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Comment: Mint condition. Minor holepunch on back cover. CD never been played!
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Concorde

4.8 out of 5 stars 6 customer reviews

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Audio CD, April 16, 1995
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$31.23 + $3.99 shipping Only 7 left in stock. Ships from and sold by the_music_store.

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Editorial Reviews

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The first Modern Jazz Quartet sessions recorded for release as a 12-inch LP also featured the debut of Connie Kay, who replaced Kenny Clarke on drums. The expanded recording time afforded by the new configuration allowed the group to put together a program approximating a live performance: "Ralph's New Blues" leads off, a showcase for the easy-swinging soul of vibraphonist Milt Jackson and the ever-elegant fulcrum of the quartet, pianist John Lewis. Percy Heath sets down an eloquent walking bass pattern or repeats the melody in a rondo format, while Kay adds subtle pulse and appropriat punctuation. Lewis and Jackson also display remarkable empathy on the ballads "All of You" and "Softly as in a Morning Sunrise." The sprightly set-closing title track employs all of the unit's strengths. --John Swenson
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Product Details

  • Audio CD (April 16, 1995)
  • Number of Discs: 1
  • Label: Ojc
  • ASIN: B000000XZU
  • Average Customer Review: 4.8 out of 5 stars  See all reviews (6 customer reviews)
  • Amazon Best Sellers Rank: #382,499 in Music (See Top 100 in Music)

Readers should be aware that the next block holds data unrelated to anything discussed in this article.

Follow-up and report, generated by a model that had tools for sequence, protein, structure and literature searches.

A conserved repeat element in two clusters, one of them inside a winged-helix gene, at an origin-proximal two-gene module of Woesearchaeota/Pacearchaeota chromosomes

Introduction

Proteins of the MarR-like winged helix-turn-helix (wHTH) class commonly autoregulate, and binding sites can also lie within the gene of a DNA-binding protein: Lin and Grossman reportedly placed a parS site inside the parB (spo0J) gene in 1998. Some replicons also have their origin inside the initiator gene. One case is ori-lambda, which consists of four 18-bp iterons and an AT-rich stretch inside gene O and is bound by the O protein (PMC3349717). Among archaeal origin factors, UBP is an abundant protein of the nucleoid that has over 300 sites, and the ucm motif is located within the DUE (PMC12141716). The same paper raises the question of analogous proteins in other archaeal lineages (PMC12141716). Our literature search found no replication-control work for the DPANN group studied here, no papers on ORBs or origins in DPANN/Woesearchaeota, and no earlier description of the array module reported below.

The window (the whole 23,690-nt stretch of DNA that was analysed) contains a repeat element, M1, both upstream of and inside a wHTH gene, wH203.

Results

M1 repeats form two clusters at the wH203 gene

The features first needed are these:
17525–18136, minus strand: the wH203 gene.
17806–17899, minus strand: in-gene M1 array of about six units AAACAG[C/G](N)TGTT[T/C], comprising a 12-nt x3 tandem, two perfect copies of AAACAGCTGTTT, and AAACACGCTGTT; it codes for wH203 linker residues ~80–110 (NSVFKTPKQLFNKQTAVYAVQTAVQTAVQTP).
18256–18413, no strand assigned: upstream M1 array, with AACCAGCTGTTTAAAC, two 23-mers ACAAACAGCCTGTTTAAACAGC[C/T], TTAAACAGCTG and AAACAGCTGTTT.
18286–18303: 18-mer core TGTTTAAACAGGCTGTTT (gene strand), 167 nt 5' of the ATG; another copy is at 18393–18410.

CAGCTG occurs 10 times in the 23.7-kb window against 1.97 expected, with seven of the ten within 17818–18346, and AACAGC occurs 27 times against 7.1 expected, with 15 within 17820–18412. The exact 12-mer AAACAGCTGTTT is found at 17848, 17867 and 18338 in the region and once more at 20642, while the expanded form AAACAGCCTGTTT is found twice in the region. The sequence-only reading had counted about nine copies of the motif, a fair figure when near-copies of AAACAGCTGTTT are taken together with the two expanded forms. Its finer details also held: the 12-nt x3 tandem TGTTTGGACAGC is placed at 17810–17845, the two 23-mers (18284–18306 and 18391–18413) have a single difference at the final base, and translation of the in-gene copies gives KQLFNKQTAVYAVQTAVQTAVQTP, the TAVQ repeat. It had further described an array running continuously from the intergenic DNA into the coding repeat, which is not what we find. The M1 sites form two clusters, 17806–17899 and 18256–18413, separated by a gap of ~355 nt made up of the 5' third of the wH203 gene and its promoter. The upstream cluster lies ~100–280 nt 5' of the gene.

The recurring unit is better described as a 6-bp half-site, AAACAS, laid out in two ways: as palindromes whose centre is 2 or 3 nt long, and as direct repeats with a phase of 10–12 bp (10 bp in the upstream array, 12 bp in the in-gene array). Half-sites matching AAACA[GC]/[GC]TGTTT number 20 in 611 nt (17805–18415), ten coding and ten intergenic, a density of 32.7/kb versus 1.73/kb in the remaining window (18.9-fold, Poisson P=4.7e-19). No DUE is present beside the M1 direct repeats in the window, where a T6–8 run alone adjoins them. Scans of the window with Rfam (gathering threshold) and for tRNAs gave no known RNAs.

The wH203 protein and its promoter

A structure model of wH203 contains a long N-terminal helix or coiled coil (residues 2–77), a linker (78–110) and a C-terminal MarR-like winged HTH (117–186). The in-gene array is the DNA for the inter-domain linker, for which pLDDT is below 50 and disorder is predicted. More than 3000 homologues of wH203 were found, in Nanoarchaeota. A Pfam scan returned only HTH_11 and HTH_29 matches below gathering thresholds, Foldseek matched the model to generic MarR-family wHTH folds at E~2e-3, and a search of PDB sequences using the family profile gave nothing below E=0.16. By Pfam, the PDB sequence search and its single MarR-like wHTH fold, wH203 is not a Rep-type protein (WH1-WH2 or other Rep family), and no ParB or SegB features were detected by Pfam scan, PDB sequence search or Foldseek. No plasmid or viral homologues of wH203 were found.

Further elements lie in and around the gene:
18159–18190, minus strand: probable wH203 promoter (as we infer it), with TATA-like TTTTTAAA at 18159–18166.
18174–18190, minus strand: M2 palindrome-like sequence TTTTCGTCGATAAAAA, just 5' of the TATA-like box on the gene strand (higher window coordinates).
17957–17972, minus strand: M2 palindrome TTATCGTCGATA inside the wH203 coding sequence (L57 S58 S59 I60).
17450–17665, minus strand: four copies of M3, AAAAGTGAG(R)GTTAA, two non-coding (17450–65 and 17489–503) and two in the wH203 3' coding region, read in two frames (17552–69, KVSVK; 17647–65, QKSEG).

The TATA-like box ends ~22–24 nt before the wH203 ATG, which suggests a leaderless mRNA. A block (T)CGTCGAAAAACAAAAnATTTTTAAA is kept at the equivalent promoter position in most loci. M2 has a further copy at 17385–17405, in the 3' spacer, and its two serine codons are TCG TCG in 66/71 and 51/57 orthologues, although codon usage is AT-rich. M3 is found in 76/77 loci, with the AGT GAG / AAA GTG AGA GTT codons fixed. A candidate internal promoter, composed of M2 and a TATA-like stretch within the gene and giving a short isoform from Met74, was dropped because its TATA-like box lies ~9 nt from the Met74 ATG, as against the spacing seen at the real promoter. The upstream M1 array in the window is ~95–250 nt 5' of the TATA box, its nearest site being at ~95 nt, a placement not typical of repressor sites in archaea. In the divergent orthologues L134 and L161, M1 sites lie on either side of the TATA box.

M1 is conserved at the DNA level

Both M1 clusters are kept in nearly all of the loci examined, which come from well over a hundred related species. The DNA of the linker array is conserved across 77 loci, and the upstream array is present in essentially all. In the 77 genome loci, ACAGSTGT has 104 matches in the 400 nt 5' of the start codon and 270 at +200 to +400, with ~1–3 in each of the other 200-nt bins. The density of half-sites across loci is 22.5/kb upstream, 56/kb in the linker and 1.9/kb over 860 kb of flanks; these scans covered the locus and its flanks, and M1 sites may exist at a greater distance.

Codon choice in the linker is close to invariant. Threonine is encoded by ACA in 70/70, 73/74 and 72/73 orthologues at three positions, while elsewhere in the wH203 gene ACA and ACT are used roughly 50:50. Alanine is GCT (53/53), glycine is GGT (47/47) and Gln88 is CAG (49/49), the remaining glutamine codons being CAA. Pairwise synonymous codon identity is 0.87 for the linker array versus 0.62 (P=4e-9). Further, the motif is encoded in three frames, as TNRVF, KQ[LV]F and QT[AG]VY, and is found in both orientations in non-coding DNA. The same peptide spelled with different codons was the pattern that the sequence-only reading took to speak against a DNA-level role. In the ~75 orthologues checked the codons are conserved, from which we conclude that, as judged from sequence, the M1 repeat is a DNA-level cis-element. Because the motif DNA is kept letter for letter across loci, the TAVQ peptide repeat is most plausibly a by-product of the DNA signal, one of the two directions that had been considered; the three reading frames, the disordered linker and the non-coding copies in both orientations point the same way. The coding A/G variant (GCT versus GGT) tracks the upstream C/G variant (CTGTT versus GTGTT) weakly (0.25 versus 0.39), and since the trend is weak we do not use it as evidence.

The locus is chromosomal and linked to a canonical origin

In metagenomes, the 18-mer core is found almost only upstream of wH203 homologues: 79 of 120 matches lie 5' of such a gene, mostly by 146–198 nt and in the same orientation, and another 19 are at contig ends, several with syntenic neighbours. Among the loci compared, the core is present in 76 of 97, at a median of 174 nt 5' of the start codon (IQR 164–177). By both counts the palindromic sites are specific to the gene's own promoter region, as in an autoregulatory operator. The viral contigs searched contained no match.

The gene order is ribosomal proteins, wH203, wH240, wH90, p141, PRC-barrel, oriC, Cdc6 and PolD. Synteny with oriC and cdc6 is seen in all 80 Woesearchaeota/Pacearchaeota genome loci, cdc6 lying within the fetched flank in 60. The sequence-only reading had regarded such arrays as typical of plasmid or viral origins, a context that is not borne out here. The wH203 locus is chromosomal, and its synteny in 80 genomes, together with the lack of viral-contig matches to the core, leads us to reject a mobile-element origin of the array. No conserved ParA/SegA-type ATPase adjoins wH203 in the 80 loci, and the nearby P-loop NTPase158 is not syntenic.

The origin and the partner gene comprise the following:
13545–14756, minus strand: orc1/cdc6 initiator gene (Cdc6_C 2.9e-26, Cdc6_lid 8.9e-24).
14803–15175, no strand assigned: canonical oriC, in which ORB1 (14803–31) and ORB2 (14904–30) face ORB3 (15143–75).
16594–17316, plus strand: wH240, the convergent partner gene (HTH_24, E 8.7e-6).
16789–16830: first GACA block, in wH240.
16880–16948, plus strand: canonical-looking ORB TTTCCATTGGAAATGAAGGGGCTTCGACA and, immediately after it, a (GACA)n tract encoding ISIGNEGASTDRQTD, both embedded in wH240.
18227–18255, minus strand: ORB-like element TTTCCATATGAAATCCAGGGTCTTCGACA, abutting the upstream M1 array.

Customer Reviews

5 star
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4 star
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Top Customer Reviews

By A Customer on April 27, 2004
Format: Audio CD
This underrated album is an Apollonian masterpiece. It balances the cool, formalist approach to jazz (that one expects from MJQ) with a genuine swinging impulse. The recording features two originals (by Jackson and Lewis) framing a set of superb and superbly played standards. "I'll Remember April," transformed into a hard-swinging scherzo, is a real stand-out (although Erroll Garner's version from a few months later remains definitive in my book). The concluding title track is Lewis's tour-de-force, a complex jazz fugue that lends the session a strong feeling of culmination. Throughout, the album delivers subtle counterpoint ("Softly" begins by quoting from Bach's Musical Offering) and thoughtful structure; it really rewards carefully attention. If you like your jazz on the cool, cerebral side, or if you are coming to jazz from the world of classical music, this album should be mandatory listening. But the music isn't austere: in addition to being substantive, it's a lot of fun.
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Format: Audio CD
The MJQ at their very best. Recording is from the fifties with a little hiss etc.
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By Dr. Mabuse on November 9, 2012
Format: Audio CD Verified Purchase
It's always been my claim that nobody doesn't like the Modern Jazz Quartet, even including those people who feel that they "don't like jazz" (they're just kidding themselves, right?). And even accounting for the general sharpness, intellect and melancholy on display in the usual MJQ album, this one is a standout. There is nothing her to not love.
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